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Forum editorial: It’s too bad ND feels ‘picked on’

North Dakota Attorney General Wayne Stenehjem seems to think a federal agency “is picking on us” because of a finding that Bakken crude oil is dangerously volatile. He comes to that conclusion (likely with a little tongue-in-cheek) because of studies that suggest Bakken crude is no more volatile than other light sweet crude oils. Also apparently feeling put upon, Gov. Jack Dalrymple said he is “puzzled” that a U.S. Department of Transportation Pipeline and Hazardous Materials Safety Administration study focused on Bakken crude while other volatile crude oils are not getting similar scrutiny.

Stenehjem, Dalrymple and other state officials and regulators are big boys and girls. A little “picking on” likely won’t damage their psyches. And when the situation is examined without the filter of the state’s tendency to give the oil industry a pass, there is no credible reason to feel picked on or to be puzzled.

There have been several studies of the volatility of Bakken crude oil. The latest one, which was funded by the industry (make your own judgments about that), concludes Bakken oil is no more volatile than other light oils. That also means the North Dakota oil is no less volatile. Two other studies – the DOT’s and an analysis by the Wall St. Journal – concluded Bakken crude is highly volatile, and therefore poses a unique danger when transported by rail. But even without the studies, the nature of Bakken crude has been spectacularly demonstrated by fiery railroad accidents in Quebec, Canada, and near Casselton, N.D.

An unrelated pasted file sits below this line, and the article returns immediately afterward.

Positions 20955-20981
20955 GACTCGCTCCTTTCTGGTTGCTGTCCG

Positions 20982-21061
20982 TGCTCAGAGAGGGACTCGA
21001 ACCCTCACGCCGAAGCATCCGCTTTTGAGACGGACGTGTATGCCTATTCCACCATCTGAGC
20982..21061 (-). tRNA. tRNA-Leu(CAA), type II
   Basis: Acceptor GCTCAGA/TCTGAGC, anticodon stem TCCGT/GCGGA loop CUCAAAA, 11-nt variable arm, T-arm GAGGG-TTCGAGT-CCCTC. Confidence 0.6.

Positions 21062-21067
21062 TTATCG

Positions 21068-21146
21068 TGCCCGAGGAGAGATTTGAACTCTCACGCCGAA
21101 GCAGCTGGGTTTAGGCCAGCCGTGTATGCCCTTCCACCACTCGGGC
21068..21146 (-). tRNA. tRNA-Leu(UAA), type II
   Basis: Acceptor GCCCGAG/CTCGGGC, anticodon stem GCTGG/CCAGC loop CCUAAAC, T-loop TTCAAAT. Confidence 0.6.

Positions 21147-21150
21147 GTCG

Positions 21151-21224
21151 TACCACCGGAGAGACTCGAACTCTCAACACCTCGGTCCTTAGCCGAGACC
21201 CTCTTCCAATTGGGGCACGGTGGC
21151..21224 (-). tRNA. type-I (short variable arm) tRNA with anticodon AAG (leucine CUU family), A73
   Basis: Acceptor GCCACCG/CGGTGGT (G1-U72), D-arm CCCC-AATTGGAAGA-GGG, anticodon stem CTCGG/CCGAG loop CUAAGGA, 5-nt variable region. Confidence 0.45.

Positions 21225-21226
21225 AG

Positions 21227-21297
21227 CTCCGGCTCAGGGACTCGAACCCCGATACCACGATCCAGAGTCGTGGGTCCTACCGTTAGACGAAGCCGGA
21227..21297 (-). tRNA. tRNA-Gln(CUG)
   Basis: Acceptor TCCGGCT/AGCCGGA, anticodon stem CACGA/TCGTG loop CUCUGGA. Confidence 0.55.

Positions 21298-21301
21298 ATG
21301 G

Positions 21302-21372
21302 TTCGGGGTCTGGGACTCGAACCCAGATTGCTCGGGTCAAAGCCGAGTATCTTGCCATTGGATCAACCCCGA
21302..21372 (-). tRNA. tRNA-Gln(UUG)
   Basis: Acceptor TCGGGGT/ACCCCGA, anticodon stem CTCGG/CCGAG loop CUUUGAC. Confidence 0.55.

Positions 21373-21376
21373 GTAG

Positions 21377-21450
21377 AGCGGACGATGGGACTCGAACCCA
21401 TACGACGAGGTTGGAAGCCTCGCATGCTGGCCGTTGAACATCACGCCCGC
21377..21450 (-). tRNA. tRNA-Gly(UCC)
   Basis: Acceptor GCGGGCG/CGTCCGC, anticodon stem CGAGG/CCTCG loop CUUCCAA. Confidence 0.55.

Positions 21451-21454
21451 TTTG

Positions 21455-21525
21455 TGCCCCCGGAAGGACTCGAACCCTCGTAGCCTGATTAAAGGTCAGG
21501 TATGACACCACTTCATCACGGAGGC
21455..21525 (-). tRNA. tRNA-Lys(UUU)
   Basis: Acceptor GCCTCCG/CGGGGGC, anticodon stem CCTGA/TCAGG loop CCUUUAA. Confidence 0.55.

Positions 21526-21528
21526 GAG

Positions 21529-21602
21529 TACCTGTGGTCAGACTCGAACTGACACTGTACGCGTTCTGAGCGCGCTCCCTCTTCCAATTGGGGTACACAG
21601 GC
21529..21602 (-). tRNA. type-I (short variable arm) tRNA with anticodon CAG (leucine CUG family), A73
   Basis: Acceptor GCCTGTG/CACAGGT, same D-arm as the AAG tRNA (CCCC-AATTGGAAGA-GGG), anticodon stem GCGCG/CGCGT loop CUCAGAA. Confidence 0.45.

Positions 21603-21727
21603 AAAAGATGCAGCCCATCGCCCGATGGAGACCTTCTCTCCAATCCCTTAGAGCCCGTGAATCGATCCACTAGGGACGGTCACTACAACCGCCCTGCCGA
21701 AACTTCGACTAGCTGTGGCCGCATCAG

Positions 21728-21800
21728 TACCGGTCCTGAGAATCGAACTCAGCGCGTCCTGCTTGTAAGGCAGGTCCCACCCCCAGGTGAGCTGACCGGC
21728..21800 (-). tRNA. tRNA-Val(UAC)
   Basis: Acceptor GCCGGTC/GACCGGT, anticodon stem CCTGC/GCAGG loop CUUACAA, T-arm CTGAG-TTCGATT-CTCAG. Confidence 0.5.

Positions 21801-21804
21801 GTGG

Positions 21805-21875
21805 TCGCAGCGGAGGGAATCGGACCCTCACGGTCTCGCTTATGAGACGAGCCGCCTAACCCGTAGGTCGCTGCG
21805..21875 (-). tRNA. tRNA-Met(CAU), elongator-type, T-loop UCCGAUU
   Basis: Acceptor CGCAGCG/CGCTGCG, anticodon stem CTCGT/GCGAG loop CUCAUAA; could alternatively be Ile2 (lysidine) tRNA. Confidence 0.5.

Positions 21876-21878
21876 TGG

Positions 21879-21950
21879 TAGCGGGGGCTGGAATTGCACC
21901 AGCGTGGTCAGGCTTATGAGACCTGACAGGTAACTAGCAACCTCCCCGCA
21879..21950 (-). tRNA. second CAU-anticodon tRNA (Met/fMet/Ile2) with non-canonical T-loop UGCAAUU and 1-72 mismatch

The studies suggest that light crude out of the Bakken and from other places are all volatile. That acknowledgement leads to the real concern: More and more volatile light crude is moving by rail than ever before. More and more of it is North Dakota Bakken crude. It follows, therefore, that the risks associated with moving Bakken oil via mile-long tank car trains have increased significantly. More volatile oil on the rails translates into a greater likelihood of accidents.

Federal and state regulators, the railroads and the oil industry are working to minimize oil train risk. Stronger tank cars are coming on line. Track beds are being strengthened. The possibility of removing volatile substances from light crude is being taken more seriously. Oil train speed limits through cities are being adjusted. Scrutiny of the entire oil transport system has never been more intense.

Given the astonishing acceleration of oil production and transportation, it only makes sense that regulation and the application of better science and engineering are ramped up, too. There is nothing puzzling about that. And if North Dakota needs to be “picked on” because the state is dragging its regulatory feet, so be it.

Forum editorials represent the opinion of Forum management and the newspaper’s Editorial Board.

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